Monday, August 24, 2009

Interlude Part V, Short Fiction: "Shadows"

Memories invaded my thoughts as I shot around the other day at Stevenson Park, right next to the baseball fields where I batted the highest in my league, stole bases with abandon, and made four straight Little League All-Star teams. Across the way were the football fields where I ducked right and left and left defenders in the dust as a seventh-grade tailback.
After about twenty minutes of shooting three-pointers, elbow jumpers, and free throws, two long-haired, scruffy dudes pulled up in a beat-up truck and jumped out, pushing and swearing, laughing the whole time. They wore jean cutoffs and wifebeaters, and let's just say that they did not look like basketball players. As they shot around, they actually looked like decent players. The one with the long sideburns and red doo rag on had a nice little jumper from the outside of the key and in, and the other longhair, complete with a mullet that Billy Ray Cyrus would be proud of, couldn't seem to miss on one short bank shot after another.
The usual basketball player flirting set in, then, and we eyed each other for a few minutes before I made the first move. "Hey, guys," I said, standing up as straight as I could, ball in hand, chest out, "you wanna play some 21?"
Doo Rag looked at Mullet Man, they both nodded, and we shook hands and introduced ourselves as Joey (me), Donnie (Doo Rag), and Jason (Mullet Man). The game was relaxed at first, the defense always played by one man, while the other defender stood in the key waiting for a rebound, in the 21 version of "cherrypicking." As the scores crept into the low-teens, the double-teams started, and the elbows and hips took on a wider arc. Just as I stood at the free-throw line, my score at 17, a shadow stepped onto the court.
The shadow asked if we were done, and then politely waited while we finished the game of 21, which I won with a fallaway bank shot from the left side of the key.
The shadow and Donnie made their first two shots as we picked sides, and so teamed up against Jason and me. As the shadow was my approximate height, I picked him up, leaving the 'Necks to giggle and guard each other.
The shadow came out a little tentative, passing up two open jumpers created when Jason failed to let me know that his buddy was setting a screen on me. As he warmed up, however, his shots began to fall. He was a master at using Donnie's gangly and awkward screens, freeing himself up for midrange jumpers. When we double-teamed him, or faked a double-team, he was agile enough to spin out of it and hit Donnie in stride for an easy layup. The score was 7-0, by ones, before we finally scored. Jason hit an ugly twenty-footer, no small feat on an outdoor hoop, to get us going.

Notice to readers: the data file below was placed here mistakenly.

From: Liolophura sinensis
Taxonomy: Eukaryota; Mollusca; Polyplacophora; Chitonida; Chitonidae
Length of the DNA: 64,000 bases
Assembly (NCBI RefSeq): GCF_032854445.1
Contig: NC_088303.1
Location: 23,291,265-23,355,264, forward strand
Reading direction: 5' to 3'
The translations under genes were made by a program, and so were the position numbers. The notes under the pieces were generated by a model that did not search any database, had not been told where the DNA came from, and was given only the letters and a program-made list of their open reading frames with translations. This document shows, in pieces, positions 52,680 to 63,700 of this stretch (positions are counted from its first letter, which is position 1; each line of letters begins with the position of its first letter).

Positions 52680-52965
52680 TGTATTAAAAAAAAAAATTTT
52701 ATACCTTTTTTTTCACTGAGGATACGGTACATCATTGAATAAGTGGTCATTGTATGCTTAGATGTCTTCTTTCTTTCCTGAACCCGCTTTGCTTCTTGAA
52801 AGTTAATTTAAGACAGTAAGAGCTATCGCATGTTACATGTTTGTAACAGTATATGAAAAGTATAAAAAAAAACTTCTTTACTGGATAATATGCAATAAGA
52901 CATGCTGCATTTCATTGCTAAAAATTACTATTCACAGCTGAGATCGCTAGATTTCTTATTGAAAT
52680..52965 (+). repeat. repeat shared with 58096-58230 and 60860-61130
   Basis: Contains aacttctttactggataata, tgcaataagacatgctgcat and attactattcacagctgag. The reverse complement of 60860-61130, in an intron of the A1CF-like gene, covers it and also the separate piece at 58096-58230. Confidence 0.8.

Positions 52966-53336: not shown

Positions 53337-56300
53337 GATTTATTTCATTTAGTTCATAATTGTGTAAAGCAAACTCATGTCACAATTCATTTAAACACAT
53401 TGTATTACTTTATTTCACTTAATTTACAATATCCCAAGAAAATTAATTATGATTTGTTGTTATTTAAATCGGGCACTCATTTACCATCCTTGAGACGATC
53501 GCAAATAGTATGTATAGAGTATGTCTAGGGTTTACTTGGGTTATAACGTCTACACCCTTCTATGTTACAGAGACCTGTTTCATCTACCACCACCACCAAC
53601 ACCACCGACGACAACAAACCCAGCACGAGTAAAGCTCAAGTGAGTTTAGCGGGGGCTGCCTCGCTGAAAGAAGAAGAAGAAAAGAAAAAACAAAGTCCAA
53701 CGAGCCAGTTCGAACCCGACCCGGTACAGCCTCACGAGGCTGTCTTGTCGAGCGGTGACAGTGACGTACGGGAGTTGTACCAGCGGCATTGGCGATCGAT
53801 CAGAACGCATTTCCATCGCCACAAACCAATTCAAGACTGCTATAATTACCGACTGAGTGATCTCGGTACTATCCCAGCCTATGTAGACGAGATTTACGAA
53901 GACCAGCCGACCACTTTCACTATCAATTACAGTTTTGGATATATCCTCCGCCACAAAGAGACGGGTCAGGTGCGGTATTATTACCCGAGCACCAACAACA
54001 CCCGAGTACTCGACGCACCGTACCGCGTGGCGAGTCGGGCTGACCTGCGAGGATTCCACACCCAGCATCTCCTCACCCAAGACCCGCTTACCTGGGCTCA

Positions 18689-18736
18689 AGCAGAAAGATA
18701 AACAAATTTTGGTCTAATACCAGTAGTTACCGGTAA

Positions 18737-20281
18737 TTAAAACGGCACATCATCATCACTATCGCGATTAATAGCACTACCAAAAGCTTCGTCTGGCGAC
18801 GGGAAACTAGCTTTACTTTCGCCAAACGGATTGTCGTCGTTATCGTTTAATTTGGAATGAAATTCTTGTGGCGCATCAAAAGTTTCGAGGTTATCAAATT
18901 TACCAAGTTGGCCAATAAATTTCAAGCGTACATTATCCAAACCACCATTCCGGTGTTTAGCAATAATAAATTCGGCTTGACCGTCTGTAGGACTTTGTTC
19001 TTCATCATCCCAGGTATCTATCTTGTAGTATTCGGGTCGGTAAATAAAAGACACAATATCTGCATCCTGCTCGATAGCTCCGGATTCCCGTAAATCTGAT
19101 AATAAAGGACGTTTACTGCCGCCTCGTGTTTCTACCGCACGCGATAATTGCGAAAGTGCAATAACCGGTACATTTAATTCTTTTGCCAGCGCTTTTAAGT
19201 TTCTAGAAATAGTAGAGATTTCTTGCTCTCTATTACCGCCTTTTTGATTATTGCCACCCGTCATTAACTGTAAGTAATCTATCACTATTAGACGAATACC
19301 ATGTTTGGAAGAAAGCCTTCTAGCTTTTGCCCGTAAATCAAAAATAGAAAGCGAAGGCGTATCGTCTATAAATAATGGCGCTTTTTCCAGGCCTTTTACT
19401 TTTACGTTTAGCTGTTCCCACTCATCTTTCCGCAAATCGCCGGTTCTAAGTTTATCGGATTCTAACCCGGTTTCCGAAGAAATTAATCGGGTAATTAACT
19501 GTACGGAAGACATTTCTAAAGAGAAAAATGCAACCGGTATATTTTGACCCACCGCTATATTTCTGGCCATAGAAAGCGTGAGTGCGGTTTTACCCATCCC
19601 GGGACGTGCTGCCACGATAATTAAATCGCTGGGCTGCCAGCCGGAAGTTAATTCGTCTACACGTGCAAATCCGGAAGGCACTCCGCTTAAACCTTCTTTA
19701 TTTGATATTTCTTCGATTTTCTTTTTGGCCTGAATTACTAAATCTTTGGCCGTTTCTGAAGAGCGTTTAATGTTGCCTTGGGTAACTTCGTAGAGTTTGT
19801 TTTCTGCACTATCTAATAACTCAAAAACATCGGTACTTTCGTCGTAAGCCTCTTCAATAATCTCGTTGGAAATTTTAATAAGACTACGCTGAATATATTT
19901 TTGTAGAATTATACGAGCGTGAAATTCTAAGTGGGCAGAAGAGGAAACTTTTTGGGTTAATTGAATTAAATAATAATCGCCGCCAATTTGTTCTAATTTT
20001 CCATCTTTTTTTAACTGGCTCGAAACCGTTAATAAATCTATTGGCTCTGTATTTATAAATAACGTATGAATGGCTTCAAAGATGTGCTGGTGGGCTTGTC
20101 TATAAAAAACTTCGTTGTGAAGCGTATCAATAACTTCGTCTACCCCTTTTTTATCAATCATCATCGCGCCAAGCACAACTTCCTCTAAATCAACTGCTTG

I checked the ball to the shadow, and he threw it back softly underhanded to me as he got into defensive position. I lulled him to sleep with a steady right-hand dribble mixed with a few crossovers. I didn't make much forward momentum as I waved away a screen from Jason with a scowl, readying myself for "The Move," as my jv high school team had called it. As the shadow's left foot stepped forward, I smoothly passed the ball to my left hand by going through my legs, hesitated for a moment, and then came out of my crouch to explode to the left side of the basket. This was a move that had gotten me countless buckets in the past, a go-to move, the one that would have been my "Signature Move" on many an old school video game.
The shadow, though, beat me to my spot with a deft backwards step, his balance seemingly never compromised. He body bumped me, legally, and, surprised to feel contact where usually there was only an open basket ahead, I leaned in to him, causing us both to fall, him backwards, and me flat on my stomach and chest, as I moved my head up and out of harm's way.
As I helped the shadow up, he seemed to be the one helping me up, and I asked if he was okay. "I'm good," he said, smiling, "but you look worse for the wear."
There was something vaguely familiar in his quiet and innocent cockiness, and as the game wore on, the poor 'Necks must have felt that they were playing with Jordan and Kobe, as the game became a battle between the shadow and me. I scored a few through sheer physical strength and blind fury, but most of my drives and pull-up jumpers were met with a hand in my face and a dead end ahead. My usual head fakes and changes of pace did not fool my defender, and as the game wore on, I tired from such sustained offensive possessions, and the shadow and Donnie passed the ball between them like old teammates, with most possessions ending in short jumpers for the shadow or layups for the streaking Donnie. The shadow was one step ahead me on both sides of the ball, and his spinning, twisting layup, just over my outstretched hand, wrapped up a 21-10 victory.
I slapped hands with the shadow, told him and the 'Necks "Good game," and toweled off. The shadow's gaze never left me, and I saw his slightly goofy, slighty cocky smile as he surveyed his fallen prey. It was this look that convinced me that it was time.
"Wanna run it back?' said the shadow, and I replied, "Ah, sorry, guys, gotta go. Wife's demanding more time at home again--it's never enough, huh?"
Not waiting for an answer, not looking back, I walked away, aware that the shadow had just gained his second victory over me.
As I walked to my car, pride and chest hurting, the football fields and baseball fields seemed somehow wispy, farther away, their outlines barely on the horizon, and I blinked hard, hoping to reconcile reality with the truth.

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